From time to time I receive missives from frustrated authors complaining about the linguistic policy of EJIL – we are an English-language journal, though, as seen in my other editorial item on statistics, a majority of our published articles come from non-English-speaking countries. Here is the pertinent sentence from a recent letter:
It is a shame that the EJIL forces all the authors to write in English – there is indeed in my eyes nothing European in such a stance. That is also the reason why I usually categorically refuse to write for your journal;
Here are some excerpts from my reply to the author:
OUP forwarded to me your angry email of December 15th. I am sorry you find our policies so frustrating that you decided to express yourself as you did.
There is no easy solution to the problem you raise given the linguistic diversity in Europe. EJIL started as an English-French Journal. There were two problems with that solution. First, many colleagues in Germany, Italy, Spain etc. found a one language solution more acceptable than a two language solution – the other language being French. They did not think it any more ‘European’ and just a hangover from a post war political era which exploited a moment of Anglo-French domination. Whether right or wrong, the resentment was quite real. To exacerbate the problem, though we made huge efforts to promote EJIL in France (and Belgium) we had very, very few submissions from French authors, vastly fewer than those coming from German and Italian colleagues, which made it all the more difficult to explain the two language solution of English and French.
For a while we toyed with the extraordinarily expensive idea of translations. We even tried it for a while. It was a colossal flop – authors were endlessly unhappy with the translations and with the length of time the process took. Articles appeared in ‘translator’s’ English, which read like official documents of the UN, not the living voice of an author. We also realized that we could not afford the translation services of a quality that would satisfy our readers and authors.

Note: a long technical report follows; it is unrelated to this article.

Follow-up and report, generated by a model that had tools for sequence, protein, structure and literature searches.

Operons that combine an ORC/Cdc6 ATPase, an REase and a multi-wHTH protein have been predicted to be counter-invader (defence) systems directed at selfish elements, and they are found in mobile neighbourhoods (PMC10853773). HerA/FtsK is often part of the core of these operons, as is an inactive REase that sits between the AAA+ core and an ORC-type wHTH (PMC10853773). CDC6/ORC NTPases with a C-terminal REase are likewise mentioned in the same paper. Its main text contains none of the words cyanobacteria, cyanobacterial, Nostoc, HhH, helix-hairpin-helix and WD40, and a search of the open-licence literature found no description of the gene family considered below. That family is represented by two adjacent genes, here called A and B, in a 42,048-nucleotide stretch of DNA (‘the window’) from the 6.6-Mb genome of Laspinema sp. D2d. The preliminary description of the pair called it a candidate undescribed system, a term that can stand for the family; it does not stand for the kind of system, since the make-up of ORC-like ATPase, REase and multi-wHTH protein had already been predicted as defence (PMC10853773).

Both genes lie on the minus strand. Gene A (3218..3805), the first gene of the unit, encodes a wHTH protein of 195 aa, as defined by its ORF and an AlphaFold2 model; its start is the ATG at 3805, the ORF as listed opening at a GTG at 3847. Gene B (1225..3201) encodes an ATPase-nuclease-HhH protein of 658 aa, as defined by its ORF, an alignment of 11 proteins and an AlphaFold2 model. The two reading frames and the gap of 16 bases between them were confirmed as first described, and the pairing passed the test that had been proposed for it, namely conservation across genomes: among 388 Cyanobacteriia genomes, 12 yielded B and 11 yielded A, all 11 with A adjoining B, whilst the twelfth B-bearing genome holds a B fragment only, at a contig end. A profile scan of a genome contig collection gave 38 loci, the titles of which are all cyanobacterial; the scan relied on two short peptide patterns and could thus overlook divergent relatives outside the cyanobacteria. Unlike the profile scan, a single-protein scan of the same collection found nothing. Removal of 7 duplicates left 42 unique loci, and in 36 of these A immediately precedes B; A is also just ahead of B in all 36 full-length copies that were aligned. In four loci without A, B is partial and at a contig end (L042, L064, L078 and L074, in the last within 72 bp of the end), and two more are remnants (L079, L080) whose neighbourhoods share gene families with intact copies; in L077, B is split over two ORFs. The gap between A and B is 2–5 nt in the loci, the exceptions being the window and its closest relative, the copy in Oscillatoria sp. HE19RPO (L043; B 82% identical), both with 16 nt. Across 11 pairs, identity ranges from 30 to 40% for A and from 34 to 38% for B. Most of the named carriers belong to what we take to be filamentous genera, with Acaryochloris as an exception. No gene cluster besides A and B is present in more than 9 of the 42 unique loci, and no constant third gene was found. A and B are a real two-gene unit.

We have always had a majority of non-English speakers on our Board of Editors and at the time we finally decided to settle on English, the Editor in Chief was a French native speaker (Renaud Dehousse, currently a Professor at Science Po.)
We reasoned as follows. As a first language English has no intrinsic merit over any other, not least the other major European Languages such as French, German, Spanish or Italian. As a second language it is vastly more common, by a factor of 1:10 by some estimates, than any other language. In a way, by publishing in English, we are offering our non-native English authors the chance of having their work reach a vast audience which they otherwise might not have had if writing in their own language. EJIL is one of the most successful legal journals of Oxford University Press, if not its most successful. Its list of subscribers, individual and institutional, paper and electronic, stand alone or bundled, is measured in the thousands – far more, as far as I know, than any other international law journal in Europe. There were close to 400,000(!) downloads of its articles last year alone from all over the world. We are unaware of any other international legal journal with anything close to these numbers.
It thus does not surprise me that consistently we publish in EJIL more articles written by non-English-speaking writers (of which around 70% hail from Europe) than by English-speaking writers. Although, as you note, it is more difficult for them, they understand the resonance that publishing in EJIL gives their work and thus find the trouble worthwhile. I would add that EJIL has emerged as a veritable European voice, and counter-weight (in English) to the American Journal of International Law. Our Editorial policy, style of publication and selection of authors and subjects is very different to AJIL. EJIL also provided the springboard for the establishment of ESIL – the European Society of International Law – another important development in the field.
I was saddened that you ‘categorically’ refuse to publish in EJIL because of our language policy. It is a great loss to a vast number of readers who, unfortunately and scandalously – but such is the world – do not read French. I am an admirer of your work, notably the impressive … and would like to see more of it in EJIL. I hope you might consider reconsidering your categorical decision in the light of the above. It will be our gain.